Ultrapure water system market to reach $4.8 billion in 2010
The world market for equipment and services to produce ultrapure water for the power, semiconductor, pharmaceutical, and other industries worldwide will rise from $3.6 billion this year to $4.8 billion in 2010 according to the latest forecast in the online report, "Ultrapure Water World Markets," published by the McIlvaine Company. The market peaked in 2000, then dropped precipitously due to a general industrial slowdown. It's now regained momentum heading forward...
NORTHFIELD, IL, May 25, 2006 -- The world market for equipment and services to produce ultrapure water for the power, semiconductor, pharmaceutical, and other industries worldwide will rise from $3.6 billion this year to $4.8 billion in 2010 according to the latest forecast in the online report, "Ultrapure Water World Markets," published by the McIlvaine Company.
The market peaked in 2000 and then dropped precipitously due to the reduction in semiconductor sales, the lack of orders for new coal-fired plants, and slowness in industry generally. Over the next several years it regained momentum and is moving forward on a wide front.
Semiconductor construction is growing at a rate which would be envied in most industries, but is still at only half its historic rate. However, the flat panel display industry is achieving double-digit growth. Some of these new factories use more ultrapure water than the largest semiconductor plant.
By 2010 ultrapure water system and service sales to the power industry will exceed $1 billion. Nearly half those revenues will come from just two countries, U.S. and China. Both countries are building hundreds of new coal-fired boilers. Many of these will be the super critical units with the most exacting ultrapure water requirements. China will be raising its coal-fired capacity from 300,000 MW today to more than 600,000 MW by 2020. This additional 300,000 MW is equal to the entire capacity in the U.S. and more than all of Western Europe combined.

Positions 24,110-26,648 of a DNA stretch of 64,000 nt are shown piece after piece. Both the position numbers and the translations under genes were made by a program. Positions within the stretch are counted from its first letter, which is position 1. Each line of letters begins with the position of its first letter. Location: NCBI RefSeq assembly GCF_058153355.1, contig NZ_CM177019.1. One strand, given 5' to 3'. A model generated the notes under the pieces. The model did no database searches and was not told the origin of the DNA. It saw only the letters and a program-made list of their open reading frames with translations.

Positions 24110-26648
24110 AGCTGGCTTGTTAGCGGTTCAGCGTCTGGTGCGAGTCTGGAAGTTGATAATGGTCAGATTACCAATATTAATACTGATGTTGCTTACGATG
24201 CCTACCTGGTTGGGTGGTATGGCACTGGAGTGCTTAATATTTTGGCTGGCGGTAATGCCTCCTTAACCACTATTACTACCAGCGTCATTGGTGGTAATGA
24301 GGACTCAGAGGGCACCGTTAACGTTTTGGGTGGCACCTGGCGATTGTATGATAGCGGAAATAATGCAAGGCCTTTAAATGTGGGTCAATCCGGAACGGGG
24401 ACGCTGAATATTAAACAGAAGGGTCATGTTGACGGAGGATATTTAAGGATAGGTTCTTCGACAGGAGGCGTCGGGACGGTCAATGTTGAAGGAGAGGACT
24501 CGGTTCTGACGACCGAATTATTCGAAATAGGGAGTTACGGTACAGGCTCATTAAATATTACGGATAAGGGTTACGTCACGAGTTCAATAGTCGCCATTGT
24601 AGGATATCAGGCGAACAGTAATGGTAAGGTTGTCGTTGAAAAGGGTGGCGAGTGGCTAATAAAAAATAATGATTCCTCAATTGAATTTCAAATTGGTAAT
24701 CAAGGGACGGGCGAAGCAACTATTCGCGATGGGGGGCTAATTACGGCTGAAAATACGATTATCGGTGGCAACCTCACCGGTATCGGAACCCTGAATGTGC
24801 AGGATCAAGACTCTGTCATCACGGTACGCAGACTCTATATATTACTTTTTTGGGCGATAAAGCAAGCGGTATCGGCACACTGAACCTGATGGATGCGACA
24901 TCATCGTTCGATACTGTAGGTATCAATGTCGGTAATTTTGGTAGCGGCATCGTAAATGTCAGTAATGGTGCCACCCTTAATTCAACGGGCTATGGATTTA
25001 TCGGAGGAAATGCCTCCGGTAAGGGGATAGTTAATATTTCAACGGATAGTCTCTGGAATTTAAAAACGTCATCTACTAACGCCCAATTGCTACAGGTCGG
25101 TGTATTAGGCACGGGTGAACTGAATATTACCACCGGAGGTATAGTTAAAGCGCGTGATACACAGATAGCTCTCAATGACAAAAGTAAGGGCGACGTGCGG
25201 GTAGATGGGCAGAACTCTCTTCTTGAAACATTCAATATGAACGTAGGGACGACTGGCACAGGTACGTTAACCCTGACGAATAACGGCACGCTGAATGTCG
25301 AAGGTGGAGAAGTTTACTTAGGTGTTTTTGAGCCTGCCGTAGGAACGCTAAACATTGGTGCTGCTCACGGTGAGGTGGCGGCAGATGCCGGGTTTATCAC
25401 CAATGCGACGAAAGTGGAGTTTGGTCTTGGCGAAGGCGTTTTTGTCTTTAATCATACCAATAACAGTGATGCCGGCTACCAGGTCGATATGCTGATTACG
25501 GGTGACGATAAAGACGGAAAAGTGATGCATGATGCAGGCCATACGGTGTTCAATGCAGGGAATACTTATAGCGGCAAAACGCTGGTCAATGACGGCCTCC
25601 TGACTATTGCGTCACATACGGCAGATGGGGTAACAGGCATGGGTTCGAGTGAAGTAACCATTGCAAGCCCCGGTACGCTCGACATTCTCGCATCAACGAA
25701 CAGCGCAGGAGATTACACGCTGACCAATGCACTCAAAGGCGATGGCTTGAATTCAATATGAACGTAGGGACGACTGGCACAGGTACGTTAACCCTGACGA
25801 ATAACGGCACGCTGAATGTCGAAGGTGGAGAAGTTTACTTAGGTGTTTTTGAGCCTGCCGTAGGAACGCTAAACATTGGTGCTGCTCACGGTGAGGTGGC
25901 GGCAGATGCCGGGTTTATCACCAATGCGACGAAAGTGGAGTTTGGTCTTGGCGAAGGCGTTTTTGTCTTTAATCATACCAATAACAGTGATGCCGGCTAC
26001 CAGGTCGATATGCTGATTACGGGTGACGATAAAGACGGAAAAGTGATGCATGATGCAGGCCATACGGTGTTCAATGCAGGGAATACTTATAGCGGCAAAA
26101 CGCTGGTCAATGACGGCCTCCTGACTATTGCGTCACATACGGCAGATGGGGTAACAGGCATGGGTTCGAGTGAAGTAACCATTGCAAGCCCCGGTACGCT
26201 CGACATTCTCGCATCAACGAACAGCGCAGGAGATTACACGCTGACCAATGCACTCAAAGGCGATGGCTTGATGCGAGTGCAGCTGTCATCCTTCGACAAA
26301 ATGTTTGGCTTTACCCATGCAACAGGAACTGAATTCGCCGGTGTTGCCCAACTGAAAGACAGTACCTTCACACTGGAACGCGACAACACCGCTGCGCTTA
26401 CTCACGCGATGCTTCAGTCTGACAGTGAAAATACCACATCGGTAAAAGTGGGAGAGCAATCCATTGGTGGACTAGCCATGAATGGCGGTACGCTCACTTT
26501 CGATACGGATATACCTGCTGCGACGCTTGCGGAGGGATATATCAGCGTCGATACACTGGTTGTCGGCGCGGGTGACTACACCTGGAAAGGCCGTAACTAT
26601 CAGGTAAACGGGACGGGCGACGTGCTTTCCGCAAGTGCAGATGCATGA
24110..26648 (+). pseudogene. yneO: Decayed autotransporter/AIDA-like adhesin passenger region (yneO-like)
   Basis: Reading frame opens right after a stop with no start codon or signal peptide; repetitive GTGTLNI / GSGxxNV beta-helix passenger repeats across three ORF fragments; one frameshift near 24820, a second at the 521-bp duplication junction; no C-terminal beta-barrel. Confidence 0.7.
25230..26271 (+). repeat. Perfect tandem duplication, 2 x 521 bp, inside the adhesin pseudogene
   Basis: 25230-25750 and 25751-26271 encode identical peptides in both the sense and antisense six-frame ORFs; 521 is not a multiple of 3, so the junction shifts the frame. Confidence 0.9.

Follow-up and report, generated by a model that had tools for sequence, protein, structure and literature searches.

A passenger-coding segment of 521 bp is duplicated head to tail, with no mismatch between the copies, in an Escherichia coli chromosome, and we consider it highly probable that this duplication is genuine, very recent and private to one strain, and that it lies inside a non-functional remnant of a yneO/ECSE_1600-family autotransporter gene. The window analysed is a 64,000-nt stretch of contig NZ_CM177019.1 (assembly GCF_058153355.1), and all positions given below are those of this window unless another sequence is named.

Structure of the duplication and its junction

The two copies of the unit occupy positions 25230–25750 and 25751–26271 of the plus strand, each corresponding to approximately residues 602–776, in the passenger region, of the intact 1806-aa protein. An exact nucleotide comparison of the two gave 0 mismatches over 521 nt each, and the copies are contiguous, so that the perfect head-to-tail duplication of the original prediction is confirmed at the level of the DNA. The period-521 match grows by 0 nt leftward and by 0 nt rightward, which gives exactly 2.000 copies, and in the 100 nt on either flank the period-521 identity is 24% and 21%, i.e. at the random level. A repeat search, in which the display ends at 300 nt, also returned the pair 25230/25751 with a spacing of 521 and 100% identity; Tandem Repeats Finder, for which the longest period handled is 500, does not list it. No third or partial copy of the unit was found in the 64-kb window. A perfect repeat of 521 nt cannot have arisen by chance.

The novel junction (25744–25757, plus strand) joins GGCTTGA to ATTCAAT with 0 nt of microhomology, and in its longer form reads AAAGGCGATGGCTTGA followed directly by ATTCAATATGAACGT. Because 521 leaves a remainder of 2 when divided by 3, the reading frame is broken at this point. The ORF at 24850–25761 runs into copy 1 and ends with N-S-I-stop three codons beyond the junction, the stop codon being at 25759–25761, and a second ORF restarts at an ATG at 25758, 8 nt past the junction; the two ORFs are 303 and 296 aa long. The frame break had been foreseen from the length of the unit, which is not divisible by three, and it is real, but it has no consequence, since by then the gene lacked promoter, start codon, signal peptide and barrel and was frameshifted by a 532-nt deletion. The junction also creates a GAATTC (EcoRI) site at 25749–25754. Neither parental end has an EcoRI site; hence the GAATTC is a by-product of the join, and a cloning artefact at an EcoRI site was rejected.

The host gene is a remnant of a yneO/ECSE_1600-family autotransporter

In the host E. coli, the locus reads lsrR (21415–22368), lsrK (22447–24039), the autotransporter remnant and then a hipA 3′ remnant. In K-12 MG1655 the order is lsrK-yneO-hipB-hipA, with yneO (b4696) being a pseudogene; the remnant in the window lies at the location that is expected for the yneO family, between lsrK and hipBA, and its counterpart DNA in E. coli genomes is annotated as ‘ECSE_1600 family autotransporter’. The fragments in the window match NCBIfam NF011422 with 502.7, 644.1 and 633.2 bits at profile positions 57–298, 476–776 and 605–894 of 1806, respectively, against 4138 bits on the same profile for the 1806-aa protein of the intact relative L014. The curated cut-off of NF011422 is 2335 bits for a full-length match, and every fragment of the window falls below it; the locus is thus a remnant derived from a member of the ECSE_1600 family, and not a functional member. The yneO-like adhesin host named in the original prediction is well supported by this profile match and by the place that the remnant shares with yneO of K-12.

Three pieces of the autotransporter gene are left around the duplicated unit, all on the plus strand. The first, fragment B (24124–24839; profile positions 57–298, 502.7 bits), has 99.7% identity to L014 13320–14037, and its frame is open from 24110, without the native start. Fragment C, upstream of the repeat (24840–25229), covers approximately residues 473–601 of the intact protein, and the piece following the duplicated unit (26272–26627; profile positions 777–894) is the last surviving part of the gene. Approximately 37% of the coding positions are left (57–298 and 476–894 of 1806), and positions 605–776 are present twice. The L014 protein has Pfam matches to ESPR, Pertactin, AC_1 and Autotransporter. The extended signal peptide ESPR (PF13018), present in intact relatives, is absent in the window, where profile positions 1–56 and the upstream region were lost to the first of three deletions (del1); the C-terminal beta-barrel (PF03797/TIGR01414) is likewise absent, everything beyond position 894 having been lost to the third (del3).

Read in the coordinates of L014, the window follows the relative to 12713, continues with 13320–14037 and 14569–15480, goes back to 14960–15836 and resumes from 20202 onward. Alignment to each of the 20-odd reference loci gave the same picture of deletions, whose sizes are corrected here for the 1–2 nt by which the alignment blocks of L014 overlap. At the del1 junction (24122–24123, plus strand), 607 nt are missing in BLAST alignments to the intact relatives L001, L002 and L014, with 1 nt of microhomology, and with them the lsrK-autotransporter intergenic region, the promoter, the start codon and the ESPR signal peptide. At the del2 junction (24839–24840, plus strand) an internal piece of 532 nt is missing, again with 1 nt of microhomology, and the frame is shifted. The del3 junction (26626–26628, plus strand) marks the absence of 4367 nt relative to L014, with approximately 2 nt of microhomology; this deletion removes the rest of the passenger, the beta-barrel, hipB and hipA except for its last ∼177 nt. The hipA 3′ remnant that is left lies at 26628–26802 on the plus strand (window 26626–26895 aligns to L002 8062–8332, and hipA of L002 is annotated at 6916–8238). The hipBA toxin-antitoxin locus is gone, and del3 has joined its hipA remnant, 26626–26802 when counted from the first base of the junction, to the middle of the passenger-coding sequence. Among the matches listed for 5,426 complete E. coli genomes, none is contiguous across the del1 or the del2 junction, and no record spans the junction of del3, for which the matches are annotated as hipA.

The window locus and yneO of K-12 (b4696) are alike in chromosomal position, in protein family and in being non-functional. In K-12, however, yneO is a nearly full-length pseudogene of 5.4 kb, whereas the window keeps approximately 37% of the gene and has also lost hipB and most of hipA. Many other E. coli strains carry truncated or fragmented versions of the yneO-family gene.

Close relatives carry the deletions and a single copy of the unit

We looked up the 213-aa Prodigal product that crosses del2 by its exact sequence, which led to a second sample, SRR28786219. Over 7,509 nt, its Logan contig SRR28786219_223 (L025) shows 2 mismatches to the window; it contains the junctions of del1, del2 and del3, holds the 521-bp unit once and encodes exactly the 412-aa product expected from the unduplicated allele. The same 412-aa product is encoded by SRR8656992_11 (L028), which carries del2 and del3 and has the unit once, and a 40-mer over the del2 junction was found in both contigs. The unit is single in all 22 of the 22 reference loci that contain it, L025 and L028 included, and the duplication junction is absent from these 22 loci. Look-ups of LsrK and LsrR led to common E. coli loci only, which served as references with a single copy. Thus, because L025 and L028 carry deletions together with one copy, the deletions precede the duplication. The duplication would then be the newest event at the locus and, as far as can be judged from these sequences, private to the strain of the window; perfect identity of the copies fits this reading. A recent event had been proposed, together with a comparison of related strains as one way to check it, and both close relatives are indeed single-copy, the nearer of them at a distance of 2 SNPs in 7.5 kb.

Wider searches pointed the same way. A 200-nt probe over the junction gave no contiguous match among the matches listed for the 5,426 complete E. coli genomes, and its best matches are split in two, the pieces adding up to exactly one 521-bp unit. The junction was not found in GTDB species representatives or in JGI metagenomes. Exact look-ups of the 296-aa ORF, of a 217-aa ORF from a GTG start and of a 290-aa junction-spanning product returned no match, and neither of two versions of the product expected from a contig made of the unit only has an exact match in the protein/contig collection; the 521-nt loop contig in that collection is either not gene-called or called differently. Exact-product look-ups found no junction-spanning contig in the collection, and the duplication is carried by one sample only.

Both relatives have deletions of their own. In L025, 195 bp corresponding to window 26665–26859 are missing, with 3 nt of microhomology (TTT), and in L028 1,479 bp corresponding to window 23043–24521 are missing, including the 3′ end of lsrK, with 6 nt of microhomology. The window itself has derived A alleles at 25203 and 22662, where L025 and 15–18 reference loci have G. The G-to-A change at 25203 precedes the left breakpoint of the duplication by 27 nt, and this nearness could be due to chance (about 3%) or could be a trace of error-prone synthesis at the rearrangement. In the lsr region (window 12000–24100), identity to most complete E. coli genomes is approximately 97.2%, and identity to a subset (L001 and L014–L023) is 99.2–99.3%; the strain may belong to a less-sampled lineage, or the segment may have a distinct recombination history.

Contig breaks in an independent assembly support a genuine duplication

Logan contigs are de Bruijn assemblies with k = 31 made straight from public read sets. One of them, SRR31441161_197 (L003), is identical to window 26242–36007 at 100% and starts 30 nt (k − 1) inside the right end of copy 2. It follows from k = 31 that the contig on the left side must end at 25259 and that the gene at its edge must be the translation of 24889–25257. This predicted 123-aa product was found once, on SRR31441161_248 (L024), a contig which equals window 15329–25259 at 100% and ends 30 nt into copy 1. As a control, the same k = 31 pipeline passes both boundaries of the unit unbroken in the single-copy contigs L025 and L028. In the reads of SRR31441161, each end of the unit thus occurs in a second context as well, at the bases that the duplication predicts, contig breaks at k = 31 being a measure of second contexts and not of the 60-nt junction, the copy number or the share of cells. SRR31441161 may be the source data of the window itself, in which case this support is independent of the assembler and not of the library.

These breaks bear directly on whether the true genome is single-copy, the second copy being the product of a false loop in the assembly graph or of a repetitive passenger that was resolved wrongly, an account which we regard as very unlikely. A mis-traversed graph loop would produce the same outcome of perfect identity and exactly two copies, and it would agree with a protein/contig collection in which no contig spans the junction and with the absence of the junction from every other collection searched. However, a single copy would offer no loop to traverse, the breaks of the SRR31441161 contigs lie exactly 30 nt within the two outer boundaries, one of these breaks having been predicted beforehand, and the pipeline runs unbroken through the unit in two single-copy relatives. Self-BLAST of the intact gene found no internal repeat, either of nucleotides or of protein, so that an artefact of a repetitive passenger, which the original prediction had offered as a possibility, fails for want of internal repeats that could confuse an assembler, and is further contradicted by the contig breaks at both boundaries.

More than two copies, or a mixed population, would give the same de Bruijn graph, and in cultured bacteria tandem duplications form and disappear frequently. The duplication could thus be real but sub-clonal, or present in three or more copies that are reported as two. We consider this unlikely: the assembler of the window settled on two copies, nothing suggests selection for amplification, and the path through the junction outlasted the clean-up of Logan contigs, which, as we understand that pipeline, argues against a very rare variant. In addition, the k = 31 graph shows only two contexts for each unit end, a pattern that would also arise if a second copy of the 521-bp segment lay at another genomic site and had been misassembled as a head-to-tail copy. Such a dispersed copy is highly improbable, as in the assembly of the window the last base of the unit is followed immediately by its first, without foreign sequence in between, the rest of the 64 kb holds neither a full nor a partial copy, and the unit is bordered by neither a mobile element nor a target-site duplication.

Reverse osmosis systems are one of the biggest product segments in ultrapure water systems. In 2010 worldwide sales of reverse osmosis systems for ultrapure water applications will exceed $400 million. Pumps and valves of special materials are required for ultrapure water systems. Sales of these special pumps and valves will exceed $300 million in 2010. Storage and piping sales will be $250 million.
Ultrapure water systems are highly instrumented and closely controlled. Sales of instruments and controls for ultrapure water will exceed $600 million in 2010.
The industry continues to globalize as international companies establish manufacturing presence in Asia. GE has continued to make acquisitions in the area with the recent purchase of Zenon. Siemens became a major player with the acquisition of USFilter. ITT has positioned itself in the industry with both filtration and pump products. Dow Chemical furnishes membranes, ion exchange resins, and some of the special plastics used in the fluid handling products.
The McIlvaine Company (www.mcilvainecompany.com) is based in Northfield, IL, with a staff of 35 people that includes engineers, scientists and market researchers.